I think we can say Summer is now officially here so below are some safety tips to help keep families safe as the heatwave marks the start of the school holidays.
While the effects of too much sun can affect anyone, some are more at risk to the danger of hot weather including:
- Young children, babies, and the elderly, especially those over 75;
- People with serious chronic conditions and mobility problems such as Parkinson’s disease or those who have had a stroke.
- People on certain medications, including those that affect sweating and temperature control.
Top tips for coping in hot weather
- Shut windows and pull down the shades when it is hotter outside. You can open the windows for ventilation when it is cooler.
- If you’re vulnerable to the effects of heat, avoid the sun during the hottest part of the day (11am to 3pm).
- Keep rooms cool by using shades or reflective material outside the windows. If this isn’t possible, use light-coloured curtains and keep them closed (metallic blinds and dark curtains can make the room hotter). Close curtains on rooms that face the sun to keep indoor spaces cooler and remember it may be cooler outdoors than indoors.
- Have cool baths or showers, and splash yourself with cool water. If outdoors, apply a cold wet towel compress to her/his face and neck.
- Drink plenty of fluids and avoid excess alcohol. If you must go outdoors, take along plenty of water to drink. If possible also take a small spray bottle with water for a sprayed cool-down. The elderly are at high risk of becoming dehydrated, a serious health problem. Watch out for dark urine, which may mean the need for more water.
- Listen to alerts on the radio, TV and social media about keeping cool.
- Plan ahead to make sure you have enough supplies, such as food, water and any medications you need.
- Identify the coolest room in the house so you know where to go to keep cool.
- Wear loose, cool clothing, and a hat and sunglasses if you go outdoors.
- Never leave anyone in a closed, parked vehicle, especially infants, young children or animals
- Do not exercise outdoors. If you must exercise outdoors, only exercise in the early morning hours, before 8 a.m.
- Check up on friends, relatives and neighbours who may be less able to look after themselves.
- Know the warning signs of heat stress or stroke: Instead of sweating, your elderly loved one may not sweat at all. Their skin is more likely to be dry, hot, and clammy. Other symptoms may include confusion, nausea, rapid pulse, and high body temperature. If you’re concerned, don’t hesitate to call 999!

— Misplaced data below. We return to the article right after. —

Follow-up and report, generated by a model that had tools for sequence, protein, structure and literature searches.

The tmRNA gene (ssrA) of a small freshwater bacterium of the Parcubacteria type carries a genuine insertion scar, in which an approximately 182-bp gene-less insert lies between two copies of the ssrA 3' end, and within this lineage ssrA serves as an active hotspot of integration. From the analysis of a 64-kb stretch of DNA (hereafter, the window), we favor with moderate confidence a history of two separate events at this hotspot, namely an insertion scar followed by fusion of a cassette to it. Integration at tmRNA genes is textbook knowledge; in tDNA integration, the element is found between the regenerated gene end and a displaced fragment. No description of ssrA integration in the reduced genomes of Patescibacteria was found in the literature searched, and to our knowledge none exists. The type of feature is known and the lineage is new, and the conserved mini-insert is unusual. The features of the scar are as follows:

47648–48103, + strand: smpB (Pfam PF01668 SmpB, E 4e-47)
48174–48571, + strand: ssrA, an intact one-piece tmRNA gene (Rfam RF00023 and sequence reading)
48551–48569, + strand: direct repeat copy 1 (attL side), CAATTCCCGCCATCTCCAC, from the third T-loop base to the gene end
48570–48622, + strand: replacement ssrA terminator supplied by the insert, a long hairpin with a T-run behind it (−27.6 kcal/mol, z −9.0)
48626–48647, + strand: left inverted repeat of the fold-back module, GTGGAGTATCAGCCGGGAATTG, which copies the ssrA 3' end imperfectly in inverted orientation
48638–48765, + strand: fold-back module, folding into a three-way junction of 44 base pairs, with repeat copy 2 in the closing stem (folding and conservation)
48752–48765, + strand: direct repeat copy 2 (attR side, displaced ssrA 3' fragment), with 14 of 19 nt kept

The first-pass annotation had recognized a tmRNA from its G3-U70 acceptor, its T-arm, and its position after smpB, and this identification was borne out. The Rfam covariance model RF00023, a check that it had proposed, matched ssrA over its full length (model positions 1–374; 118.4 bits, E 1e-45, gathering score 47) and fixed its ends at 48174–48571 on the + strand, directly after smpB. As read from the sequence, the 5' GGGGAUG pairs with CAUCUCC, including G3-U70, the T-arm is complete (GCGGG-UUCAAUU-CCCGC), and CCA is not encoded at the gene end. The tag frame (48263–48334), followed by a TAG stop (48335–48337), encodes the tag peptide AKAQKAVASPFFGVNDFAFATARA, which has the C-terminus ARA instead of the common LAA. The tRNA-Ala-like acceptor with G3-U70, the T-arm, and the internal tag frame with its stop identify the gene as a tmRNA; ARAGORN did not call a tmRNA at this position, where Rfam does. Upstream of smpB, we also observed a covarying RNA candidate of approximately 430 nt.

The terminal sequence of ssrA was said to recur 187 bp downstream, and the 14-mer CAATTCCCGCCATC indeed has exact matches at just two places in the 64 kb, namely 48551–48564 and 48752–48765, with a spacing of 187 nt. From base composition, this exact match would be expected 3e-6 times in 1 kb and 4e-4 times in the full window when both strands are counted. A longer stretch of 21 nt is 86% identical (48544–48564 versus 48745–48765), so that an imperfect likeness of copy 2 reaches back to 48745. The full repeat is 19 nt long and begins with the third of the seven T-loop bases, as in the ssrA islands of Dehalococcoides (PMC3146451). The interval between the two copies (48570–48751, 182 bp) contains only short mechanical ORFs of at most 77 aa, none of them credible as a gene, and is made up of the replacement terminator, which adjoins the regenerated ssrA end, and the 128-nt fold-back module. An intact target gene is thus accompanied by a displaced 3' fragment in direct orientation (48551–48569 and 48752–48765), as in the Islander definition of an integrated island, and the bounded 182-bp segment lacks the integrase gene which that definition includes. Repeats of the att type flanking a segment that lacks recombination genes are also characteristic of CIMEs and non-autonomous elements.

Stay safe on the beach
- Wherever possible, swim at a lifeguarded beach. Find your nearest RNLI lifeguarded beach or search on goodbeachguide.co.uk.
- Always read and obey the safety signs, usually found at the entrance to the beach. These will help you avoid potential hazards on the beach and identify the safest areas for swimming.
- When on a lifeguarded beach, find the red and yellow flags and always swim or body-board between them – this area is patrolled by lifeguards.
- Never swim alone.
- If you get into trouble, stick your hand in the air and shout for help.
- If you see someone in difficulty, don’t attempt a rescue. Tell a lifeguard, or, if you can’t see a lifeguard, call 999 or 112 and ask for the coastguard.
Blow-up toys and airbeds are designed for pools, not the sea where they can easily be swept out. If you do use them at the beach, then:
- ensure children are closely supervised
- keep near the shore
- only use between the red and yellow beach flags
- follow the lifeguard’s advice
- do not take inflatables out in big waves
- never use them when the orange windsock is flying, as this indicates offshore winds which will blow inflatables further out to sea
- if you do get into difficulty, then stay with your inflatable as it will keep you above the water.
Sunburn can ruin your holiday and increase the risk of skin cancer in later life.
So please, keep safe this Summer and follow the S’s of sun safety:
- Sunscreen – slop on SPF 30+ broad-spectrum waterproof sunscreen every 2 hours
- Sun hat – slap on a broad-brimmed hat that shades your face, neck and ears
- Sunglasses – wear wrap-around sunglasses with UV protection to shield your eyes
- Shoulders – slip on a T-shirt or UV protective suit for children and remember to keep your shoulders covered
- Shade – seek shade, particularly during the hottest time of the day between 11am and 3pm when UV penetration is at its strongest
- Slurp – drink lots of water so that you stay hydrated during your time in the sun.
Children are safest when supervised.
As soon as you get to the beach, agree a meeting point in case of separation. If the beach runs a children’s safety scheme, using wristbands or tickets, take part. They’re free and they work. If you are on an RNLI-lifeguarded beach, visit the lifeguard hut on arrival and they can give you special wristbands to put your contact details on.
If a child does go missing:
- calmly check your surroundings first, ensuring other children remain supervised
- contact the lifeguards or police and keep them informed
- let all searchers know once the child is found.
I hope you all enjoy the sun while it lasts but do so in a safe way.
PSE 59753 Adam Sackett
Volunteer & Neighbourhood Watch Liaison Officer
East Kent Police
Police Station, Fort Hill, Margate, Kent, CT9 1HL
Email : firstname.lastname@example.org